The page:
A biography of the Nobel Prize-winning scientist explains her work in genetics and traces her long unheralded career as a research scientist.
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Barbara McClintock was one of the premier investigators in cytology and classical genetics, but her work was pushed out of the mainstream by the revolution in molecular biology in the middle of this century. Thirty years later, the simple truths sought by research scientists whose training was closer to physics than biology continued to prove elusive, and the discovery of transposons in bacteria marked the beginning of a revival of interest in her work. Keller's analysis of McClintock's difficulty in finding a place to work and her relations with other investigators is insightful and thought-provoking, not only about women in science, but about the role of dissent in the scientific community.About the Author:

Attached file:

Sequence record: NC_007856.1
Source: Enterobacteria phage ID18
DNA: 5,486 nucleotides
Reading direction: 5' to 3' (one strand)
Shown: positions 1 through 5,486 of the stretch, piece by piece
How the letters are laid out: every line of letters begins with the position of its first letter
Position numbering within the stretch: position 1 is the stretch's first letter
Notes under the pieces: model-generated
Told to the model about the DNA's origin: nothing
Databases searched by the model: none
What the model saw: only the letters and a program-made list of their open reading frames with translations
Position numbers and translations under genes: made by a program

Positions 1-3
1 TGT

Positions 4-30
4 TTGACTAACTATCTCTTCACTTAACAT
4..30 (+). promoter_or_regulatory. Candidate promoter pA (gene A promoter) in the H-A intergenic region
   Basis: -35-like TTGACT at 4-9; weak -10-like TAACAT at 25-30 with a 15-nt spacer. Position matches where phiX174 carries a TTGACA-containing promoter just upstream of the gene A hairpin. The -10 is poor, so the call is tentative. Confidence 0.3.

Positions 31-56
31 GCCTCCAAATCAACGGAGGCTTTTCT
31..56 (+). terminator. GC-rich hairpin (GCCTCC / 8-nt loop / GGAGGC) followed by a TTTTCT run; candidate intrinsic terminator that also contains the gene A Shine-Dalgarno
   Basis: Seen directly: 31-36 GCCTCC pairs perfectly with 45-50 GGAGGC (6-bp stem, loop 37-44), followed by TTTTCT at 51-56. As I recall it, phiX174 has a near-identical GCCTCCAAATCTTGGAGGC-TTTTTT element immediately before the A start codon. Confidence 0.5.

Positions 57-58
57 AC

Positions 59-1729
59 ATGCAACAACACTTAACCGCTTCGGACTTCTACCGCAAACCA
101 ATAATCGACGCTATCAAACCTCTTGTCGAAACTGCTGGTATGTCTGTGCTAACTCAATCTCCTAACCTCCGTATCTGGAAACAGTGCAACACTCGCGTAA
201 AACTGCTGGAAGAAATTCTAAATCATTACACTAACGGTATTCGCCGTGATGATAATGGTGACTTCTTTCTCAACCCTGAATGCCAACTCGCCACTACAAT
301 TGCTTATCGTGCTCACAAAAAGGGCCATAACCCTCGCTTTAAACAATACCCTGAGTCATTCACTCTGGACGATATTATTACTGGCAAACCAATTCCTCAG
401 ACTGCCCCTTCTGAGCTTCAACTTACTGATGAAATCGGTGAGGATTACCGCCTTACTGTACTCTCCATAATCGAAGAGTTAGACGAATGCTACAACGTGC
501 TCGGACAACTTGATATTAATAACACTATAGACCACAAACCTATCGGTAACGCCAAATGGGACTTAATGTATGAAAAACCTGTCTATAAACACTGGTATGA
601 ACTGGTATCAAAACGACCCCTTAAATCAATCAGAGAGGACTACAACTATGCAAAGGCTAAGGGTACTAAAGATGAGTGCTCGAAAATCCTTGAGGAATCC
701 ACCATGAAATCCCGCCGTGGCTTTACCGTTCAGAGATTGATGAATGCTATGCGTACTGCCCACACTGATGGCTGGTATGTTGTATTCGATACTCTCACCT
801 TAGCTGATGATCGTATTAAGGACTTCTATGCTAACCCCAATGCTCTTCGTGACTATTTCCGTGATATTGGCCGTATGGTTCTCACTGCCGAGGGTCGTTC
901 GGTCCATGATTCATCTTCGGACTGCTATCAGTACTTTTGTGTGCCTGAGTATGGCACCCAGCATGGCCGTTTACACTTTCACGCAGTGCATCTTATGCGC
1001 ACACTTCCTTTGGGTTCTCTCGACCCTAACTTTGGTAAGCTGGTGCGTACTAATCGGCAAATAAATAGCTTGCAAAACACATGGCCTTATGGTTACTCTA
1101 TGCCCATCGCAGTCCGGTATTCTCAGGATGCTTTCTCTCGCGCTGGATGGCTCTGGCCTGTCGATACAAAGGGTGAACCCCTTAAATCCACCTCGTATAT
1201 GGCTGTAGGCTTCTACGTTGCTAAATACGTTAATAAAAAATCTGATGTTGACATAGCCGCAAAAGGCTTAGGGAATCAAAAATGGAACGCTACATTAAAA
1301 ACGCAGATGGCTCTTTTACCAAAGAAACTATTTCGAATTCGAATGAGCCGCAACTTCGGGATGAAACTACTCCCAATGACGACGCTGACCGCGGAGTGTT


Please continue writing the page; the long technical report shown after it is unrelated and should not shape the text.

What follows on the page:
Evelyn Fox Keller is Professor of History and Philosophy in the Program in Science, Technology, and Society at M.I.T.
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Book Description W. H. Freeman 1984-02-15, 1984. Paperback. Book Condition: New. The pages of this books are clean and unmarked. There is very little shelf wear. Bookseller Inventory # 098900
Book Description W. H. Freeman, 1984. Paperback. Book Condition: New. 10th anniversary ed. Bookseller Inventory # DADAX071671504X
Book Description W. H. Freeman, 1984. Paperback. Book Condition: New. book. Bookseller Inventory # M071671504X
Book Description W. H. Freeman, 1984. Paperback. Book Condition: New. Never used!. Bookseller Inventory # P11071671504X
Book Description W. H. Freeman. PAPERBACK. Book Condition: New. 071671504X New Condition. Bookseller Inventory # NEW7.0882882